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Mayor Martin visits the miniature world of space tech 

mayor martin visits cal polyConversations continue with companies in the space industry who have expressed interest in a potential Paso Robles Spaceport

–Conversations continue with a wide range of companies from the numerous sectors of the space industry who have expressed early interest in a potential Paso Robles Spaceport.

On Aug. 3, the Paso Robles City Council unanimously voted to submit pre-application information to the FAA for a Spaceport license for the Paso Robles Airport and to continue evaluating the Spaceport license opportunity with the Airport Commission.

A number of companies involved in the space technology sector have been in contact with the city regarding the spaceport project and the city is actively researching the potential opportunities of the space tech economy.

On Aug. 31, Mayor Martin, Paso Robles Airport Commissioner Bill Britton, and Paso Robles Economic Development Manager Paul Sloan visited the CubeSat Lab at the Cal Poly College of Engineering. The Cal Poly CubeSat Lab (CPCL) is a multidisciplinary research facility that develops and launches next generation CubeSat technology and has supported over 175 CubeSat missions to date.

A CubeSat is a type of miniaturized satellite for space research that is made up of multiple cubic modules of 10 cm × 10 cm × 10 cm (3.9 in) size and have a mass of no more than 1.33 kilograms (2.9 lb) per unit. CubeSat specifications were originally developed at Cal Poly for the design, manufacture, and testing of small satellites intended for Low Earth Orbit (LEO) that perform a number of scientific research functions and explore new space technologies.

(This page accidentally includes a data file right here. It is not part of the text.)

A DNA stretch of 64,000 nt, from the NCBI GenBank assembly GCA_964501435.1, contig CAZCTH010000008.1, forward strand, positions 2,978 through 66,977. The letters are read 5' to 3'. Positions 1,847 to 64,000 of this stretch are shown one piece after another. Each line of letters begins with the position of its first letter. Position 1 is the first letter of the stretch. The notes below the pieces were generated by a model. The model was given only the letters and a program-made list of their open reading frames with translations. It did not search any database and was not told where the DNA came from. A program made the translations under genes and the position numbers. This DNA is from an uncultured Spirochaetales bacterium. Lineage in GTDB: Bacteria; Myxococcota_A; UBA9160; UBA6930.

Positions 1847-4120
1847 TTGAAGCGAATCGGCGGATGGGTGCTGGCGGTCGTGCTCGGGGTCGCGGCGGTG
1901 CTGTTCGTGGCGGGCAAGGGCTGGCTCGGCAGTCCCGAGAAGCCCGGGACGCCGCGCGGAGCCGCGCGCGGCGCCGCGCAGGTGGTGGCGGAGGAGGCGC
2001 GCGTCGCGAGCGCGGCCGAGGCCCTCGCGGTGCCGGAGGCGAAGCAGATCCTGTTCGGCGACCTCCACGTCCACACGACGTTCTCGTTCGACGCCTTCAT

Since nearly all CubeSats are 10×10 cm (regardless of length) they can all be launched and deployed using a common deployment system called a Poly-PicoSatellite Orbital Deployer (P-POD), also developed and built by Cal Poly.

The main reason for miniaturizing satellites was to reduce the cost of deployment. CubeSats were originally developed for academia, but due to the success and efficiency of the design the majority of CubeSat launches today are for commercial purposes such as agriculture, forestry, energy, media & entertainment, civil engineering, traffic monitoring, and archaeology. Learn more about CubeSat applications:

http://satellitemarkets.com/market-trends/prospects-cubesat-market
https://www.planet.com/markets/monitoring-for-precision-agriculture
https://aces.illinois.edu/news/nanosatellites-improve-detection-early-season-corn-nitrogen-stress

Pictured above, Mayor Martin, Commissioner Britton and Ryan Nugent of the CPCL hold examples of full-size CubeSats and a P-POD produced at the Cal Poly lab for launch into Low Earth Orbit (LEO).Also visited the same day was Stellar Exploration, a SLO-based engineering company specializing in satellite propulsion systems.

Dr. Tomas Svitek, President of Stellar Explorations, is pictured above holding full-size examples of the miniature rocket engines that are used to position CubeSats in the weightless environment of space.Dr. Svitek’s company has recently been featured in a number of news articles for their propulsion systems that are being used in launch programs with NASA.

Conversations continue with a wide range of companies from the numerous sectors of the space industry who have expressed early interest in a potential Paso Robles Spaceport.

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The news staff of the Paso Robles Daily News wrote or edited this story from local contributors and press releases. The news staff can be reached at info@pasoroblesdailynews.com.